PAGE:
I knew I'd be pickin gup Super Bomberman R eventually, but I had such a blast playing the demo with folks at Nintendo NY that I just had to grab it! It's pretty good, but definitely hard even with the CPU.

Larry, Ludwig and Wendy. Finally, the Koopalings are complete!

Koopalings, assemble!!

Meta Knight, proud as ever.

Two Zelda puzzles. I've been picking up some gaming-related puzzles in the past several years, but I've yet to work on them...I should fix that.


Finally got Pink Yarn Yoshi. Now, where can I pick up a Mega one for a good price...?

AND NOW, A SCENE FROM SPRING WEAPON NUMBER ONE PRESENTED WITHOUT CONTEXT

Oh, by the way, this arrived today, too.


Wow, if it isn't Kirby as he appears in Kirby's Dream Land's promotional art! This was made to celebrate his 25th Anniversary. I wanted the Super Star variant, too, but I didn't have the funds...

In any rate, I like his whisker-esque cheeks. I also wasn't expecting him to be that fuzzy.

I wonder what I can use his bag for.

Thursday, May 18, 2017

Checking In + Apologies

And just like that, two and a half weeks blazed past me. I've actually been so busy with other matters that I hadn't noticed the blog was being neglected! For those awaiting my latest pieces, you have my deepest apologies.

So, what "other matters" were these? Well, I suppose there were three:

1. Since the past month, Hey Poor Player has been pushing itself quite heavily over social media and the like in an effort to grow and raise awareness. We've made it a goal to grow into a big site by the end of the year, so naturally we've been spending much planning and the like on that.

2. My current Front End Associate job at Weis Markets seems like it'll be sticking around this time, as opposed to the temp jobs I've been taking up last year. Aside from...let's say, "rough patches" in the beginning, it's going quite well. I'm not working every day of the week, but obviously with three or four days taken up, I have to juggle my time wisely.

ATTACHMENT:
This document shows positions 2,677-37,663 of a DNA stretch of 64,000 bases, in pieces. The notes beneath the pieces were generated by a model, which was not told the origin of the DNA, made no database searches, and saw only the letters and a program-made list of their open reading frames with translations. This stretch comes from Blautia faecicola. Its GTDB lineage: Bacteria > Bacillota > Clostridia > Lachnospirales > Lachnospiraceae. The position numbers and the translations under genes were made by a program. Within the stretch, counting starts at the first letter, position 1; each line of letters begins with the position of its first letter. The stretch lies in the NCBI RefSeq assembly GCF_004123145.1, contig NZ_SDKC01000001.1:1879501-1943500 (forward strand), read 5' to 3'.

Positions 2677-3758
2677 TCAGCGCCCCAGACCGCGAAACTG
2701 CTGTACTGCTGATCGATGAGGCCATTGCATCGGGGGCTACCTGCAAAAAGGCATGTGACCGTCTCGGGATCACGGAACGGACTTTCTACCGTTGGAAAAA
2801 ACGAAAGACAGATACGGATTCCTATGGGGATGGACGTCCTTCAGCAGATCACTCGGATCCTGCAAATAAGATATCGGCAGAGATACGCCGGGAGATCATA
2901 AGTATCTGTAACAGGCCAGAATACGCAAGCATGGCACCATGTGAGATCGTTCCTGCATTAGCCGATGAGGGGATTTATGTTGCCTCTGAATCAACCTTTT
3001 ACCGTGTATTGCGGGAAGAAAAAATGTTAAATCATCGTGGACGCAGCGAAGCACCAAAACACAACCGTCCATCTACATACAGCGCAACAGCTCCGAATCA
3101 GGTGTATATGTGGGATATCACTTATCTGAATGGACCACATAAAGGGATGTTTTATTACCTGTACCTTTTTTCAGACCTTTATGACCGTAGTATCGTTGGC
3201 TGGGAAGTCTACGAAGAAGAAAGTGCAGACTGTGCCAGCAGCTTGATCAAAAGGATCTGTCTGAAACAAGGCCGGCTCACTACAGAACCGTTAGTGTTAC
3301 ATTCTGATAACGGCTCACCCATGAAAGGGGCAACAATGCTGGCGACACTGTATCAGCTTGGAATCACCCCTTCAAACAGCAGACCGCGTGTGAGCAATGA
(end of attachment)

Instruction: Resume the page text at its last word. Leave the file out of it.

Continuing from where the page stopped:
3. I've been rushing to complete Fire Emblem Gaiden by the time its remake, Fire Emblem Echoes: Shadows of Valentia, hits shelves tomorrow; as it currently stands, it seems I'll barely make it tonight, although given my trip to New York City this weekend I probably won't be playing it until Sunday or Monday.

How is Gaiden? Well, it's status as the "black sheep" of the series is...well, probably true. I've been planning finally review Fire Emblem on here by the end of the year, but in the meantime, I'm looking forward to seeing how the remake improves upon it.

So there's all that. Again, sorry for the wait! To make up for it, I'll have a write-up sharing my goodies from NYC after I get home, as well as Biweekly Music Wednesday! and a new review in the next week!

Oh, and by the way, remember when I said I've been renovating my gaming basement? Progress has been quite smoothly on all that, and it's all nearly in a presentable state! As stated before, I'd love to show it off, and I'm hoping to finally do that this summer. Look forward to it!